Platon Brings Vanity Fair "Out To Lunch"
Vanity Fair’s long-running series, Out To Lunch, provides intimate interviews between Vanity Fair and some of the most recognizable faces in American culture. The interviews serve as a kind of cultural portrait, and Platon teamed up with the magazine to create actual portraits alongside each piece.
The first series of four images include Playwright Tom Stoppard, Musician Questlove, Chef Andre Soltner, and Entertainment Lawyer Allen Grubman.
Although Platon’s signature has always been intimate portraiture, there’s an element to this Out To Lunch series that has a softer side than what we’ve come to expect from Platon. His work has been a study in power and provocatism for so long that the warmth these images offer is remarkable. And it's built into each composition by hand. “The idea is that you are sitting at lunch with someone and they’re leaning forward towards you on the table, engaged with you,” explains Platon. “I’m trying to create that moment of connection. That moment is everything. So you really get a sense of what it’s like to meet that person.” These figures are each leaning in on a wooden table that Platon built himself and has had for many years. It becomes the basis for these revealing portraits, and a common ground on which to build these interactions.
Each photograph shares particular elements: the table, the soft pink background, the full but subtle light. Each of these elements is carefully regulated from one portrait to the next, and this is on purpose. It creates a sort of visual barometer, removing the excess variables so that we can get a better sense of the subject. Platon explains: “When you create a visual language you start to realize the differences between pieces. If the lighting changed, if the background changed everything changed every time, then you’re really not able to focus on the person’s character as much. You’re forced to look at what I really want you to observe.” By offering his viewers a baseline, Platon allows us to edit out the elements that are the same and spot the difference more easily. We see the angularity of Stoppard’s expression, the brightness of Grubman’s eyes, Chef Soltner’s smile, and the inward moment taken by Questlove. Each of these elements has been drawn out specifically by Platon’s calibration; these are the moment’s you’re meant to see.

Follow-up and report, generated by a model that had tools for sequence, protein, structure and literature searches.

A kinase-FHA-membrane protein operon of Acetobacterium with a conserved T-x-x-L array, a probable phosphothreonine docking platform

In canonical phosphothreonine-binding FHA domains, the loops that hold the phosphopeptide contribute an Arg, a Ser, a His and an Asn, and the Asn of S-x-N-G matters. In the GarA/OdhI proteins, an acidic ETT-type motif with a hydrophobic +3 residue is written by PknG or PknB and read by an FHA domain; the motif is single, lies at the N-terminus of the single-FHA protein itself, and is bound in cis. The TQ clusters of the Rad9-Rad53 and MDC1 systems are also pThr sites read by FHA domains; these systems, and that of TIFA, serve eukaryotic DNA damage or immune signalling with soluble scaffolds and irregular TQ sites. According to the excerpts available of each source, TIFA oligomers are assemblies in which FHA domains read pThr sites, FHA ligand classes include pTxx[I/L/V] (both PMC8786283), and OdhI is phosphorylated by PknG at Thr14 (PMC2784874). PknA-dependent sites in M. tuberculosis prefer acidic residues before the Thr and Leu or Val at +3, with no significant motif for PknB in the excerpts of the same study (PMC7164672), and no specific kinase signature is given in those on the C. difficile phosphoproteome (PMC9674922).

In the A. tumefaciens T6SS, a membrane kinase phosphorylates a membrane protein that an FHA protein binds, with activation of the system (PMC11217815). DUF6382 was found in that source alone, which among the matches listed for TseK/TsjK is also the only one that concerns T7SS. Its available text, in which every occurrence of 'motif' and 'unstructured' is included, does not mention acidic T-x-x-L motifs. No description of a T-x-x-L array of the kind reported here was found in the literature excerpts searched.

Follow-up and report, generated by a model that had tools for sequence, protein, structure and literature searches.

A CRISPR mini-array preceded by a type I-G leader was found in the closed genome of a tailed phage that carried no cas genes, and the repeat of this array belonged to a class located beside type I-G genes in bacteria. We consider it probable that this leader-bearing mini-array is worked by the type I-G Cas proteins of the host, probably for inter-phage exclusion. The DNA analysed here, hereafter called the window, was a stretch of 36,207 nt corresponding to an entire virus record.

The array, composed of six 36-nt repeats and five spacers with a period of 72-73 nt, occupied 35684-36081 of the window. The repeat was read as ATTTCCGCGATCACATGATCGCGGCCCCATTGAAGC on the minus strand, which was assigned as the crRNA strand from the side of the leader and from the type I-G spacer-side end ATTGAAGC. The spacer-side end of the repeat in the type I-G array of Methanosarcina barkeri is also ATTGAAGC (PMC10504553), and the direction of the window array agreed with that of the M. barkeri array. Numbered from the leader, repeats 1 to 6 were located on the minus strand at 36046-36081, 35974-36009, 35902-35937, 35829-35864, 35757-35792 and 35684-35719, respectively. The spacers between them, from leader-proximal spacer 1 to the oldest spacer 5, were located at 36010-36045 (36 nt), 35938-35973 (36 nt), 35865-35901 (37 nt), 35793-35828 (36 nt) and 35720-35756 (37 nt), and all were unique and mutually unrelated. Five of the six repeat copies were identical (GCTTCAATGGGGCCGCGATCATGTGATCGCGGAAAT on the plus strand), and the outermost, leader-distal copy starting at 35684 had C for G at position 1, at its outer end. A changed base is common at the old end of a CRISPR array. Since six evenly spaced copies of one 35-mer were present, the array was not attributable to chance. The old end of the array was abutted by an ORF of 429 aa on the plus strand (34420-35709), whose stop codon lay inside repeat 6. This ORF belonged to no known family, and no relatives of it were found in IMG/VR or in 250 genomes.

That quiet revelation with Questlove was a particular surprise. “No one would ever think of him as being shy or a gentle person,” says Platon. “He has this big hair, he’s got this big statuesque figure, he’s a drummer, he’s a DJ; you’d think Questlove is a force of nature as a personality, but actually he’s very gentle as a person.” Platon takes what he learns about his subjects in the room and ensures they’re translated directly into the image so that we can learn what he has learned, so we can see what he sees.
This series, Out To Lunch, is constructed to transport us into intimate moments with famous faces. Platon’s responsibility then is to achieve that intimacy and translate it through his lens to us. And that’s precisely what he does.